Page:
I had been acting since I was seven or eight years old at school and it was a place where I had always found an amazing release. Theatre was somewhere where I instantly felt comfortable. I loved that you would meet all sorts of people. Even at the school level, you’re doing plays with people of different ages and breaking down the traditional hierarchies in some ways. I loved doing it through school and into university, but my other passion was the history of art, so I had to make the decision as to whether to go to drama school or whether to pursue art history.

I was lucky enough to get into Cambridge, and I knew they had a great reputation for theatre there, so I decided to study history of art as a major, whilst trying to continue to explore acting at the same time. Art has become quite important to me within the process of acting and in a personal sense when I travel. And travel is one of the great upsides of the job I do, since I’m always taken to extraordinary cities and places for work, and I’m able to visit the galleries whilst I’m there, which I find constantly feeds me.

At the same time, I try to use art when I’m trying to work out who a character is. So in addition to all the factual research, I will often go to see how other artists, writers or painters have interpreted those people or people of that era in order to glean another way in, as it were.
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Posted by admin on November 15th, 2022

Jessica Chastain, Eddie Redmayne aim for utter authenticity in true-crime saga ‘Good Nurse’

“The Good Nurse” tells the true story of Charles Cullen, a seemingly empathetic New Jersey nurse who was later revealed to be a serial killer. But instead of a tawdry potboiler, this adaptation of Charles Graeber’s 2013 true-crime book is a fragile drama about the friendship between Charlie and one of his co-workers, a lonely, ailing single mother named Amy Loughren, who thought she’d found in this kindly stranger a support system and a confidant.

Amy befriends the new hire, in part, because she recognizes in Charlie the same warm, nurturing manner she herself exudes around her patients. But like the viewer, Amy is seeing only one aspect of this sweet, soft-spoken man: She’s not aware he’s secretly injecting lethal drugs into saline bags, resulting in a series of mysterious deaths at the hospital.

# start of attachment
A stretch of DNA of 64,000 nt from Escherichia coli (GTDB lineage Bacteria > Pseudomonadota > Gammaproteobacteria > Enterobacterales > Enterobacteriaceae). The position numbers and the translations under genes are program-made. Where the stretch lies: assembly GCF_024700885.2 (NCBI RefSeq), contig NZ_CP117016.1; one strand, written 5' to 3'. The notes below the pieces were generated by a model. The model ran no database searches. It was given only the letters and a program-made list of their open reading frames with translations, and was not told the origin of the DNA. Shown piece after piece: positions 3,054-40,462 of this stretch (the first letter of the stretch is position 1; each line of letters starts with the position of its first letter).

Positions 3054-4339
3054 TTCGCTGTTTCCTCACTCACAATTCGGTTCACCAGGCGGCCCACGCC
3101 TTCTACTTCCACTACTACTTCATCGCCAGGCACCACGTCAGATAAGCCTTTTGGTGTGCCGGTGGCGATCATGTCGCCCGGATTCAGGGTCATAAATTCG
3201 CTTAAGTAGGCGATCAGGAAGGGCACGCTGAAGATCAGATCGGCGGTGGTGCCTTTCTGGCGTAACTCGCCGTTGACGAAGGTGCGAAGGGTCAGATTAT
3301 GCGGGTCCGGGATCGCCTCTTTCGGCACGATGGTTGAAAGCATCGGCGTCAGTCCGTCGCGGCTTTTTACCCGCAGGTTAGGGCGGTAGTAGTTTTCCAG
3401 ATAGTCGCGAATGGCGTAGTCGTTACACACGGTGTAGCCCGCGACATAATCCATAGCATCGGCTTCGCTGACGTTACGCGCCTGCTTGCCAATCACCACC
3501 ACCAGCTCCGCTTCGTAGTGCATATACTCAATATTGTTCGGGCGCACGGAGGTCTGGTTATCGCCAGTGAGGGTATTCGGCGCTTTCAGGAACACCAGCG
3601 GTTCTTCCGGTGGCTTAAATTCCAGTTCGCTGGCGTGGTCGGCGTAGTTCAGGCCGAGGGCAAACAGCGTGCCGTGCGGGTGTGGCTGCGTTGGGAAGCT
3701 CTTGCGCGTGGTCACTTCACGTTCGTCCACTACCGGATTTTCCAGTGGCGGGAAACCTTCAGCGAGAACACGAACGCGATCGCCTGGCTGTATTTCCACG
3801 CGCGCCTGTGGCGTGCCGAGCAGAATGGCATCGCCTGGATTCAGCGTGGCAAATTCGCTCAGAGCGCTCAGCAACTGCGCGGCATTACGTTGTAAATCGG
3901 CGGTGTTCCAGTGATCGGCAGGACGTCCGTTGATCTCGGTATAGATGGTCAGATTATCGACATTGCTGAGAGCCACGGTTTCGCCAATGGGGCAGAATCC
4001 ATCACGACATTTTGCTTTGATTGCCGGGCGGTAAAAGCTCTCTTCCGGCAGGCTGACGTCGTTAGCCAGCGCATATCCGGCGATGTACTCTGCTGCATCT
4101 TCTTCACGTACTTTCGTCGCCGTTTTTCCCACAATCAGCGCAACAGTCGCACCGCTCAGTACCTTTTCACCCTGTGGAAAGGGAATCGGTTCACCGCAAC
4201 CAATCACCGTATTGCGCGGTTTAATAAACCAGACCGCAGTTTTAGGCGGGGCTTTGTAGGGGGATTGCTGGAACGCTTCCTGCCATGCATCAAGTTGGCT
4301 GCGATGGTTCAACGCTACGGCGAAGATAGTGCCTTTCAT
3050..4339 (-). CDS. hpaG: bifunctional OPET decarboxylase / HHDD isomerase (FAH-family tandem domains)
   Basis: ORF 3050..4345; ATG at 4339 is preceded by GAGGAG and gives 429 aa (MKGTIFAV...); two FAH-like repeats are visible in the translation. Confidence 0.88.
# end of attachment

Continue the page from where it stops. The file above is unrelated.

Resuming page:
The film had been in development for several years, and for that entire time its two stars were determined to stay on the project. No matter how dark the material — and no matter how hard it was to align their schedules — Eddie Redmayne and Jessica Chastain wouldn’t let “The Good Nurse” go.

“I don’t know that in Hollywood that a movie’s been around for six years and all the main players stayed on and no one got replaced or abandoned ship,” Chastain says proudly.

The two actors are relaxing in a suite at the London West Hollywood, reflecting on the effort it took to bring the movie to fruition. From the start, they agreed they wouldn’t do it without each other — or “A Hijacking” director Tobias Lindholm, knowing he’d insist on utter authenticity for this portrait of working-class life and America’s dysfunctional healthcare system. (He even made his stars attend nursing school.)
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Posted by admin on November 3rd, 2022

Eddie Redmayne gets serious (again)

After three outings in the Potterverse, the Oscar-winning actor – and one of Hollywood’s nicest guys – is ready for his villain phase

Last summer, after he had wrapped his latest movie, The Good Nurse, and just before he began rehearsals for his Olivier-winning West End revival of Cabaret, Eddie Redmayne went back to school. Not university, or some kind of brush-up-on-the-classics adult education class, but rather, a very specific and very renowned academic institute – the École Internationale de Theatre Jacques Lecoq. Or, as it is more colloquially known, clown school.

For two weeks, in a converted 19th-century gymnasium in Paris, Redmayne took a course in the Theatre of the Absurd, where he spent his time, as he puts it, “improvising and playing.” But clown school is no funny business. The course was demanding, and his instructors, who’d studied with the legendary Lecoq themselves, were brutally honest, even withering. “There was none of this kiddie glove stuff,” Redmayne tells me as he does his impression of them. “Non, je ne marche pas!” he says, menacingly wagging a finger in front of his nose. No, I’m not buying it.

Redmayne’s classmates ranged in age from 18 to 60, all professional performers of some stripe or other. But Redmayne was the only one there who had won an Academy Award for Best Actor. He was the only one who had starred in a billion-dollar-grossing movie franchise. And yet, he felt like a complete amateur. That was the whole point. He wanted to start over, in a way, to expose himself, to really try and shed any of the actorly tics or patterns that had accrued over his 20-year career. “It was everything I needed,” he says of Lecoq. “To remind myself that you need to keep learning.”

We’re sitting in a hotel suite in Toronto, a couple of days after his 4-year-old son, Luke, has just started school himself for the first time back home in London. Redmayne’s an attentive and proud parent – he wouldn’t have missed Luke’s first day for anything – but he nevertheless had to fly out shortly after for the global premiere of The Good Nurse at the Toronto International Film Festival (TIFF). Redmayne’s family (which also includes his wife Hannah Bagshawe, a publicist, and their six-year-old daughter, Iris) had in fact lived with him in New York while he shot the film, but there was no way he was taking the kids out of school for the festival. “I didn’t think it was ideal for us all to up and leave on day two,” he says, smiling broadly.
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Posted by admin on October 26th, 2022